quiet model even when flown fast close in.
The wing plug has been created out of
closed cell foam which was cut on the cnc wing machine and vac bagged with 1
layer of 80g and 2 layers of 160 g cloth and a Carbon leading
edge -maybe a little overkill, but it has come out really well.
This has now been sanded and cut back with wet and dry and has now
received a couple of coats of tooling primer, cutting back after each
coat. However, Due to the high viscosity of the primer leaving brush
marks behind the finish had to be sanded back after each coat. By the
time the primer had been flattened down, it required a further coat.
after 3 coats of this tooling primer I decided to cut my losses and use
Fuselage has been fashioned out of foam and has also received 3 layers
of glass cloth. although this time I have not melted the foam out as I
would do for a lost foam fuselage that I would intend flying. The fin
has been made from 5mm balsa and sanded to shape and inserted within the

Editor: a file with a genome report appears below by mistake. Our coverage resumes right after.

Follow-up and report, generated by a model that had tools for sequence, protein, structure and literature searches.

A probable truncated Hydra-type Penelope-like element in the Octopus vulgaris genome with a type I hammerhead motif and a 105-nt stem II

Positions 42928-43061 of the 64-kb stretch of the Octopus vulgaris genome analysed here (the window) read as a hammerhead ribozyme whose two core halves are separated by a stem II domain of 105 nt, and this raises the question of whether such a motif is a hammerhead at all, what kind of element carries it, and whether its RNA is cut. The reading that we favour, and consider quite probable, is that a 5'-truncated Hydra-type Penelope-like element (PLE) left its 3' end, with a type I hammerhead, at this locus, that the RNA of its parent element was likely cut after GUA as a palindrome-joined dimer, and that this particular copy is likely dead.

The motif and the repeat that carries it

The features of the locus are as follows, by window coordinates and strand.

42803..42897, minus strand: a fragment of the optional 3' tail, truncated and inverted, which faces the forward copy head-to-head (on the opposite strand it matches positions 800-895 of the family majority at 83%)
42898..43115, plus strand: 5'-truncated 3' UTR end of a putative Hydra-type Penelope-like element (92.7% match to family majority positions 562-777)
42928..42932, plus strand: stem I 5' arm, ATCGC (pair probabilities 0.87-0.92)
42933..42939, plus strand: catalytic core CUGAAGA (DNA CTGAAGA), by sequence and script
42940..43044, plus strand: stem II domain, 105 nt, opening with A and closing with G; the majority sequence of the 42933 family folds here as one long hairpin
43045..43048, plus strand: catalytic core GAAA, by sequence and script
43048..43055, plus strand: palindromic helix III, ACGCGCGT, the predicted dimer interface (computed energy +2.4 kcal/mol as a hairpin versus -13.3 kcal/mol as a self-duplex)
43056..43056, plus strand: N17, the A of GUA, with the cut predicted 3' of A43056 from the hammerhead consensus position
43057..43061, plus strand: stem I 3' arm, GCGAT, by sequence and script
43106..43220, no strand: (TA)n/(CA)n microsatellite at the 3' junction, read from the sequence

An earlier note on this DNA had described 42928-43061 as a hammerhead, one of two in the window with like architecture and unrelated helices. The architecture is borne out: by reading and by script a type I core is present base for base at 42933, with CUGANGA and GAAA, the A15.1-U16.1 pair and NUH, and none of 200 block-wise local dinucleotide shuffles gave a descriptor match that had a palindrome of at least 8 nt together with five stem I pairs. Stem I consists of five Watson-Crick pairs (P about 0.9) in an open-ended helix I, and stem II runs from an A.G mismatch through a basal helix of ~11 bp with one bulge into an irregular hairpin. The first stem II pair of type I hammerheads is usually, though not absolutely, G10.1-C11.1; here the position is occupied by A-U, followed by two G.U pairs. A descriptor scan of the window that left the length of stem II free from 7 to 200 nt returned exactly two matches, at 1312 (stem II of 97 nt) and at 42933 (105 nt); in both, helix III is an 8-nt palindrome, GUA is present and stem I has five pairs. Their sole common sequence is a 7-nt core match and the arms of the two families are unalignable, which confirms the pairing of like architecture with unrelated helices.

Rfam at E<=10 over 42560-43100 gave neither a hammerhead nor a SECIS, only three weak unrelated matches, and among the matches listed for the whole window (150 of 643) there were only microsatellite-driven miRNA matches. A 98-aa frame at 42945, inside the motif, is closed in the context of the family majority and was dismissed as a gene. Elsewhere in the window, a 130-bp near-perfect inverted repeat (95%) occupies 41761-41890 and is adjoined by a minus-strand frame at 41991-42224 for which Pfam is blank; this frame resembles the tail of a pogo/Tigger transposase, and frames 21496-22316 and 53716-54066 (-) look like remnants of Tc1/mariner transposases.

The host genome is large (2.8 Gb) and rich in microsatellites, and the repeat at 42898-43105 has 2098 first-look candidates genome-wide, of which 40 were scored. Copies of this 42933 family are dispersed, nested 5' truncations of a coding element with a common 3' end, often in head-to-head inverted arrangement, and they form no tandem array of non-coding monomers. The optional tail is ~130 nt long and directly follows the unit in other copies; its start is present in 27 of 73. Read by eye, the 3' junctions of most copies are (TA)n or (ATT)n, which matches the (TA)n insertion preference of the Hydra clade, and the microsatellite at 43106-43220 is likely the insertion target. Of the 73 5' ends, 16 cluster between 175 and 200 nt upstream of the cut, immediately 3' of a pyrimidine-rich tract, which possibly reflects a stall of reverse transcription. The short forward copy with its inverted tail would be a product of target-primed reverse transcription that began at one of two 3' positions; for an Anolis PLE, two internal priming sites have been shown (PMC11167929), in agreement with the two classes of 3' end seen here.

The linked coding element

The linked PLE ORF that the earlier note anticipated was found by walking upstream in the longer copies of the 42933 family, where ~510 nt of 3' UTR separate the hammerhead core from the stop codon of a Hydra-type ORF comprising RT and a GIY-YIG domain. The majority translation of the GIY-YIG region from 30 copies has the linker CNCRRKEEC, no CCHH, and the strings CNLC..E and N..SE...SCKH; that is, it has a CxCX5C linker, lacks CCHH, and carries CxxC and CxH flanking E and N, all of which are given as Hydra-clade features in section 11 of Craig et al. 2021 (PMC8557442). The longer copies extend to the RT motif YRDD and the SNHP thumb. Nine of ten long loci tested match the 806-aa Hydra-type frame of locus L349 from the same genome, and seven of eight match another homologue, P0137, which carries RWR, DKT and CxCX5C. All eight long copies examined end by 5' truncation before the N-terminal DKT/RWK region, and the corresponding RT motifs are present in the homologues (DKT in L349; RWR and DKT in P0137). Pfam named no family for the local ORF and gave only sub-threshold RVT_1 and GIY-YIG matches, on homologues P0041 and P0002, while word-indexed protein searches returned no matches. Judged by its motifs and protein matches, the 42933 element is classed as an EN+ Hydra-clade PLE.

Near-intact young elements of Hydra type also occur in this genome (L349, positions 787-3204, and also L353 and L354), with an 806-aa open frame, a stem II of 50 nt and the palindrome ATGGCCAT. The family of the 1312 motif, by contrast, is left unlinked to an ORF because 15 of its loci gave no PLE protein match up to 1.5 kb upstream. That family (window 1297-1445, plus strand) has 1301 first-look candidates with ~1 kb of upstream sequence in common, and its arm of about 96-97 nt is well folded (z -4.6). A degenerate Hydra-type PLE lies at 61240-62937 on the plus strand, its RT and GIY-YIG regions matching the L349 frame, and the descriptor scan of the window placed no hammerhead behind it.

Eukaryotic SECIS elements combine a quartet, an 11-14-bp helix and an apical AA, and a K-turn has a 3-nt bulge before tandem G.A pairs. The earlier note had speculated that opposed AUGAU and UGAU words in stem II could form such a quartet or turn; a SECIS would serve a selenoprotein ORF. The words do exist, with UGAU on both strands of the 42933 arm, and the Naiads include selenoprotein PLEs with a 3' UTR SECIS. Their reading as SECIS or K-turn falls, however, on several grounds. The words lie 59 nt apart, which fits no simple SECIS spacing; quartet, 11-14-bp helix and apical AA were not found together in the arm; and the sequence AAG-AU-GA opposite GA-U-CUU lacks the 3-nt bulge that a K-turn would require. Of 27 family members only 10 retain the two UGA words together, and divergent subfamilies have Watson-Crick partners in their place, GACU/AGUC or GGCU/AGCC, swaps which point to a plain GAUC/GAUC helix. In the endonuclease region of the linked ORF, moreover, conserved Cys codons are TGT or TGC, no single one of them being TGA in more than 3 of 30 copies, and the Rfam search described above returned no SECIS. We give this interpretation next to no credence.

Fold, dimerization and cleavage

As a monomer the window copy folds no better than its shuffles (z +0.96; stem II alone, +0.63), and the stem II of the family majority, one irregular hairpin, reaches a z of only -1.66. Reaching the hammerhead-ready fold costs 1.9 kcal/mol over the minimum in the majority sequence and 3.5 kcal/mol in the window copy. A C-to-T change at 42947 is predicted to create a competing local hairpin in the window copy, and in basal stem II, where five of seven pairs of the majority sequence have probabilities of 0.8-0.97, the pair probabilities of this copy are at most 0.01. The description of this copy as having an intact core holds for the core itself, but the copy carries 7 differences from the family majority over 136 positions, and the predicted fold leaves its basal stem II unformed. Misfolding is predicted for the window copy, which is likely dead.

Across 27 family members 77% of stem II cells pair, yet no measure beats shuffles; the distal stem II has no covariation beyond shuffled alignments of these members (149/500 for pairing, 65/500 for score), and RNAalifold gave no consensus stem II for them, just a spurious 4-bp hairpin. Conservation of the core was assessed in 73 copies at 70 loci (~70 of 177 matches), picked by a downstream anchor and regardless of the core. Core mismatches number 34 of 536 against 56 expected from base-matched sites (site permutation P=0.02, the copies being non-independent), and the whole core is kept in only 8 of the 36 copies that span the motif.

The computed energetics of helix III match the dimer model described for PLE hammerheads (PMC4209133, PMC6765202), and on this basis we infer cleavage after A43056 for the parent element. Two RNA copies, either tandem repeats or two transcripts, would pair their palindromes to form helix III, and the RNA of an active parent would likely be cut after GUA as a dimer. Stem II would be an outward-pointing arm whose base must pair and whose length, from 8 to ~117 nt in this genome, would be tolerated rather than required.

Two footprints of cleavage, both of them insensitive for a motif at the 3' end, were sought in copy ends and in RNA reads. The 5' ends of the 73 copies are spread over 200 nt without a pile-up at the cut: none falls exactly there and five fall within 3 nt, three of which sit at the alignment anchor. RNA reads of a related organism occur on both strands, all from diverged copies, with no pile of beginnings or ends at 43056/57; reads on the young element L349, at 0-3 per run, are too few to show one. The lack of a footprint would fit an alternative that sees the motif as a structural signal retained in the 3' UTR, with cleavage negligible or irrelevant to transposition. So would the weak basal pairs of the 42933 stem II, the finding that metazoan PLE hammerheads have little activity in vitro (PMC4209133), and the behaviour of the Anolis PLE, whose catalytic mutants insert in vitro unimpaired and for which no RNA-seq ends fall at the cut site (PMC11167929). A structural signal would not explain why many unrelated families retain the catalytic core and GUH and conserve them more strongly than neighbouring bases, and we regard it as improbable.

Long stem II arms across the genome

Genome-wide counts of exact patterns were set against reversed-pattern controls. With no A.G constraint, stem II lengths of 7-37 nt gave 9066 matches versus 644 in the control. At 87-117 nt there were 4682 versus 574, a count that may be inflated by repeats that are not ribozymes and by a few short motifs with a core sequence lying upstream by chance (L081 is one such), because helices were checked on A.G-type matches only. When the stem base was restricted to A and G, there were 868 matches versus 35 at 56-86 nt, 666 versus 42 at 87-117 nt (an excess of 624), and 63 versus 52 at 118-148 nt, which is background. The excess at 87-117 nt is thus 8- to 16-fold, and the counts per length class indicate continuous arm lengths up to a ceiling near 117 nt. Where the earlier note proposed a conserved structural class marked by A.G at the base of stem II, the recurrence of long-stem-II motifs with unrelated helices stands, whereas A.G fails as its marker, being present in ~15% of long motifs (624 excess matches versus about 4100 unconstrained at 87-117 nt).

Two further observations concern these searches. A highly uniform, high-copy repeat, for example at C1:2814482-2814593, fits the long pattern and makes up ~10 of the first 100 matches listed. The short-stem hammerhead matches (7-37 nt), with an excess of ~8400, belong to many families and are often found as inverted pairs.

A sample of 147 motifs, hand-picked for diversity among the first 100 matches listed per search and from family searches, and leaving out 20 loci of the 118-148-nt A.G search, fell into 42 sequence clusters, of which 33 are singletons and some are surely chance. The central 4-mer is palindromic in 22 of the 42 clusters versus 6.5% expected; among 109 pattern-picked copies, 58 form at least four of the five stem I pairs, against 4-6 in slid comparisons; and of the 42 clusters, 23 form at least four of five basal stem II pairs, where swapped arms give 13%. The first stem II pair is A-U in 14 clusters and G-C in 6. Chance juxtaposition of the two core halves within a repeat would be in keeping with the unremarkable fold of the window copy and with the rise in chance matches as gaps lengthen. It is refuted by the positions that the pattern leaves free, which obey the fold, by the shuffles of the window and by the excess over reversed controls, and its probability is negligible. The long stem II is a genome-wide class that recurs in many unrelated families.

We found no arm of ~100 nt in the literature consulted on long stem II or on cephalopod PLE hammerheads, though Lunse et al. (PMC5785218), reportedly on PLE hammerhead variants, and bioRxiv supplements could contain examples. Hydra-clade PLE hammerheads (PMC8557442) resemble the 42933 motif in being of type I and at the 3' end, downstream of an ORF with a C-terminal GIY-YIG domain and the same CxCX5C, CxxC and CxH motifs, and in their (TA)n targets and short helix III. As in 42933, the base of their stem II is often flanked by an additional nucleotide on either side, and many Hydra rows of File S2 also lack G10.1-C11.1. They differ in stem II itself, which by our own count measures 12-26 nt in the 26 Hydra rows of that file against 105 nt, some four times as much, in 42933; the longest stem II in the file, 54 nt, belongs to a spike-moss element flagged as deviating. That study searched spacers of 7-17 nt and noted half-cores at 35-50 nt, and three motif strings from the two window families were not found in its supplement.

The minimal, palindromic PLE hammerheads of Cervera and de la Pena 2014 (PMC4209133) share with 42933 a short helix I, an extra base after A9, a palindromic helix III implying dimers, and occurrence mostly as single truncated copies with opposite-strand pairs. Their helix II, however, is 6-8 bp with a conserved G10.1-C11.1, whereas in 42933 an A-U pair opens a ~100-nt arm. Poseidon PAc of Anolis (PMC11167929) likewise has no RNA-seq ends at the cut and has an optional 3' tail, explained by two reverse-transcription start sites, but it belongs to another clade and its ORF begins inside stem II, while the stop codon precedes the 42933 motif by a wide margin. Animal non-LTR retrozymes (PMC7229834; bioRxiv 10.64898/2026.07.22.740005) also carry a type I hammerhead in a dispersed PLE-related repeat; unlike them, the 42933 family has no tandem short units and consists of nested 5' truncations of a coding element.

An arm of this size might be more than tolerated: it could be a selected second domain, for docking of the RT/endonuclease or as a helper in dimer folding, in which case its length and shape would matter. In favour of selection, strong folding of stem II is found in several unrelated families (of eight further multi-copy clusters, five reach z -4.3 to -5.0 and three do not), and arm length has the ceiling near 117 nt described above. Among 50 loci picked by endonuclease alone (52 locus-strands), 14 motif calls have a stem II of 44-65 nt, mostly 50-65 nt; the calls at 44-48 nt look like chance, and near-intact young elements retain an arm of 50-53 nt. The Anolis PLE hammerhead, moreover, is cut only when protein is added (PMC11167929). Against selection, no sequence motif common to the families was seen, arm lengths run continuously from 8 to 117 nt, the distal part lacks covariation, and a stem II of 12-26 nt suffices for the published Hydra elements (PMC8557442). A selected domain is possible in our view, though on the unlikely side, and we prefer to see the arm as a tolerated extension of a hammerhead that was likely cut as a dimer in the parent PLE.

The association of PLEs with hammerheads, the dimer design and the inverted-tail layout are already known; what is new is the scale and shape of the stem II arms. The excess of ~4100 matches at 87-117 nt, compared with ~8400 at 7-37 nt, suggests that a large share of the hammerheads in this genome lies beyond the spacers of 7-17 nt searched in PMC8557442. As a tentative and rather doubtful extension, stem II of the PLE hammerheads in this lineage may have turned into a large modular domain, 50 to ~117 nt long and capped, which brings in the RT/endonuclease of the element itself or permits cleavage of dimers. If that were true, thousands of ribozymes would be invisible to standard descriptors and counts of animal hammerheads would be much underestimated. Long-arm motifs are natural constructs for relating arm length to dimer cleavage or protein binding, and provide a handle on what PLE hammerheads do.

new fuselage with a little filler around the join between the fin and
Preparation of the X2 Plug
1. Wing already vac bagged and putting
final thin glass cloth.
2. Wing and fuselage now sanded and ready for
3. Tooling primer applied and cut back ready for the
I am now nearing completion of the
X2 fuselage plug and also the wing plug
through which, I can
develop the necessary skills to fully mould my other flying wing -
Model wing shown with Grey primer and
fuselage having had 3 coats of primer has received first coat of black
gloss now cut back ready for the next coat.
Both the fuselage and wing have now had
3 coats of Black gloss and are currently curing before cutting back and
A few days on and I am now busy
polishing the plugs for the X2,
these are now almost ready to mount onto a parting boards and then start
to lay up the moulds - looking good!! and looks mean in black!!
Progress has been made with the moulds for X2.
Fuselage plug mounted on to the parting plate and laid up with two coats
of Tooling Gelcoat, and 4 layers of glass cloth and resin. This was
allowed to cure and then parting plate removed to reveal part 1 of the
A few days later part 1 of the mould was
polished and given a coat of PVA release agent. This was subsequently
laid up with Gelcoat and glass cloth again to form the other side, part
2 of the mould.
was trimmed on the band saw before cracking open the mould. The plug was